On episode 55, we have Maria on to share her pregnancy at 41. She grew up in Germany but she is a Spaniard that now lives in Austin, Texas. She is an Air Force Veteran, has a PhD in health sciences and is a college professor in fitness. She calls herself the menopause expert. She’s always been fit and has lived an active lifestyle because it’s her profession. She has an eight-year-old daughter that she had when she was 41 with the help of science. Maria never thought she would have children or saw herself as a mother. She said something just clicked when she reached ‘middle age’ at 39 and knew motherhood was something she wanted. She started to research the IVF process and said all of it came together. It felt like it was meant to be.
Everything happened just the way it was supposed to.
She first started with two cycles of IUI’s with a close friend as the sperm donor. Her friend didn’t have an interest in being an active parent, which was perfect for her. Those didn’t work out, but she’s glad. She was worried about emotional complications after the baby was born.
Picking out an anonymous donor from a sperm bank was more fun than Maria thought it would be. She said it was weird, but thought it was amazing when she got into it. At the beginning, she thought any donor would do, but the more she looked, the pickier she became. She picked the perfect donor based on genetics. Being a scientist and researcher, she loved the ‘nerdy’ part of the process. She created a folder for candidates and why they would work. Genetics were the most important to her. After that, it became a fun ride to choose the genetic father of her child based on someone that matched her physical traits.
You hear getting pregnant isn’t easy, but when it’s you, you expect it to still work.
Maria did three IUI’s with the sperm donor and that didn’t work either. She was really discouraged at this point of her journey. Mentally, she didn’t understand how others went through this over and over again. It was crushing to her. She thought about how she didn’t even want kids for most of her life and now she was so determined to have a baby. She had her mind made up. She exhausted her options of trying for a baby after six months before deciding to go to IVF. She only wanted to try it one time. Her doctor told her about a research study that they were doing for a new drug for IVF patients. If she participated, she wouldn’t have to pay for the drugs. She signed up. It felt like a no brainer for her because the drugs were the biggest expense. It was a randomized control trial: one drug was already being used and the other one they were testing. She wanted to believe IVF would work: There was more science, more people involved, and all the smart people in the lab. Maria had two embryos transferred. She says the two week wait was horrible, like sitting on pins and needles. She didn’t take an at-home pregnancy test because she didn’t want to have false hope without knowing the numbers. The nurse called to tell her she was pregnant, and suggested there might be twins because her HGC numbers were so high. It was a huge relief to hear she was pregnant. She called her Mom and sister after she got off the phone with the nurse. She found out at six weeks it was twins. Her doctor told her most pregnancies start out as twins. She was shocked to find out she was pregnant with twins. When she finally accepted she was having twins, at ten weeks along sadness followed when the doctor told her there was only one. She felt loss once again. Maria can joke years later that her daughter is the life force of two.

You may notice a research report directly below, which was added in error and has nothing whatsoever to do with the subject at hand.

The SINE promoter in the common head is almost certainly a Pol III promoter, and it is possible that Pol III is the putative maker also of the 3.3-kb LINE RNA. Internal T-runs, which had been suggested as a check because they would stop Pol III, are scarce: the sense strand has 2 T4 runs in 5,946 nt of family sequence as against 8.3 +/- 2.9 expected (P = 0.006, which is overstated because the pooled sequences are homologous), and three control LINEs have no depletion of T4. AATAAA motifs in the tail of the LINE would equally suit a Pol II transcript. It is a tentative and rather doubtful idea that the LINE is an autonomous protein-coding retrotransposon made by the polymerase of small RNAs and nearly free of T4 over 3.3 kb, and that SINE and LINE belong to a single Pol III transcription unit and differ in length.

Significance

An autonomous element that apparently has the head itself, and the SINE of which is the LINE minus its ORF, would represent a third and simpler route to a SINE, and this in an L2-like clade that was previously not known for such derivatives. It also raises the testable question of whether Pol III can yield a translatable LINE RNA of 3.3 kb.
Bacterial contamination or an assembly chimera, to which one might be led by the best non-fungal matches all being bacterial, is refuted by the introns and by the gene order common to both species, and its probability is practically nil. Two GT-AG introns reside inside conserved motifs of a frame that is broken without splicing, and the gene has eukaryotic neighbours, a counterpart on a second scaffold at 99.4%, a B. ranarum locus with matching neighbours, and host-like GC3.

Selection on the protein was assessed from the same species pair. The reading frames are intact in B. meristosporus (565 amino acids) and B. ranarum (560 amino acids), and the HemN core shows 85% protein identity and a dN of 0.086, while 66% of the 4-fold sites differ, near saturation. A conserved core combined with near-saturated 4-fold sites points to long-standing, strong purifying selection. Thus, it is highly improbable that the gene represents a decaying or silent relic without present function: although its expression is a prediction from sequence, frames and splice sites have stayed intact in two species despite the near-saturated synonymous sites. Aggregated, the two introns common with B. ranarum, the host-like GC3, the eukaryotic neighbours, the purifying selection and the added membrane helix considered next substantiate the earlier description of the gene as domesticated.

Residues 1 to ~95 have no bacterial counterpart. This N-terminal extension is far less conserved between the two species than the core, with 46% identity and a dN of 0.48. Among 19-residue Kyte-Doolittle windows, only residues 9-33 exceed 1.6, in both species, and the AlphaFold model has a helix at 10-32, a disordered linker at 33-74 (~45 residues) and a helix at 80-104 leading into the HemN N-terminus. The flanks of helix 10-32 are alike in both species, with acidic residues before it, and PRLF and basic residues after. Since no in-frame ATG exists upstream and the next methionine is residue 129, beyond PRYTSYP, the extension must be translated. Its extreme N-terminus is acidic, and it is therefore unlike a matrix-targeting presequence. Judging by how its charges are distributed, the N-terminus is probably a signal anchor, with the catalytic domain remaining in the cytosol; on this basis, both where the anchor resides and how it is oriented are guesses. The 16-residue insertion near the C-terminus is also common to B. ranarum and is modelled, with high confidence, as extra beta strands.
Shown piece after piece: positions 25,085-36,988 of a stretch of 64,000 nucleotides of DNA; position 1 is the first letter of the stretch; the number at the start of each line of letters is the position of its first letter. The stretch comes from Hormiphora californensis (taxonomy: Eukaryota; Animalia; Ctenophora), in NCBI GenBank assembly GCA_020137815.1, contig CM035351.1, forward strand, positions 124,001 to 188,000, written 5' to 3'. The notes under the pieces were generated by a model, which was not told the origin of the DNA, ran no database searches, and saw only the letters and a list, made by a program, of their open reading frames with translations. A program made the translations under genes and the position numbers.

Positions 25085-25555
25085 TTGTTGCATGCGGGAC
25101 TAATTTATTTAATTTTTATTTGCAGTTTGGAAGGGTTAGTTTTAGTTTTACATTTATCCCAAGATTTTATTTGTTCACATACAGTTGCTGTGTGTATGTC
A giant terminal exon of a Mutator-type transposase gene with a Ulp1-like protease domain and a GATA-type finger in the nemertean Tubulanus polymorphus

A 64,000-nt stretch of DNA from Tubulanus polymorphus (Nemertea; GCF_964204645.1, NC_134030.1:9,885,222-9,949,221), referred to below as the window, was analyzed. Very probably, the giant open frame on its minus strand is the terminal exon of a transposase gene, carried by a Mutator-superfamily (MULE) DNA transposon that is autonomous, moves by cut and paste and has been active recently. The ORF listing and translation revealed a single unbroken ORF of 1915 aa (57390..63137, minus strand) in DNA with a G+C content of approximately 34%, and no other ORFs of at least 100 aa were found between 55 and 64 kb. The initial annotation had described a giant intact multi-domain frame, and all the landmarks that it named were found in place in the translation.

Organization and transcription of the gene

There’s no regrets here, but we need to be honest with the experience of it.
Overall, Maria had a great pregnancy. It was interesting to her to have herself as a study subject. Despite being fit and active, she was still considered a geriatric pregnancy and high risk. She worked and worked out all the way to the week before the birth. She adjusted her workouts to the baby’s growth. She thought because she was so fit that pregnancy would be a piece of cake, but she had her struggles. She says she got very large and had to deal with her sciatica, but other than that, she didn’t have any complications. She had one day of morning sickness. She kept taking pictures of herself to see the growth of the baby. The tests came back great and then she was off to prenatal care with her doctor. She started to get excited for every ultrasound. She tried all the creams to rub on her belly for stretch marks, but then gave up. She doesn’t consider herself a high maintenance person. She was willing to deal with the stretch marks. She didn’t care. She was expecting to have all kinds of cravings, but she didn’t. She doesn’t remember having any specific dislikes. Her lifestyle and even her diet didn’t change from before she got pregnant. She just didn’t put any restrictions on herself.
Maria didn’t know the genders of embryos before the transfer, but she wanted to know. Not for the decoration, but for her emotionally she wanted to know. Having a background in science, she likes data. She didn’t have a preference but wanted a healthy baby. She was ecstatic when she found out she was having a girl. She and her sister are the only girls among a lot of boy cousins. Her sister has a boy, but having a girl was perfect for her. She felt like it’s how it’s supposed to be. She was surprised at how much she loved to hear it was a girl.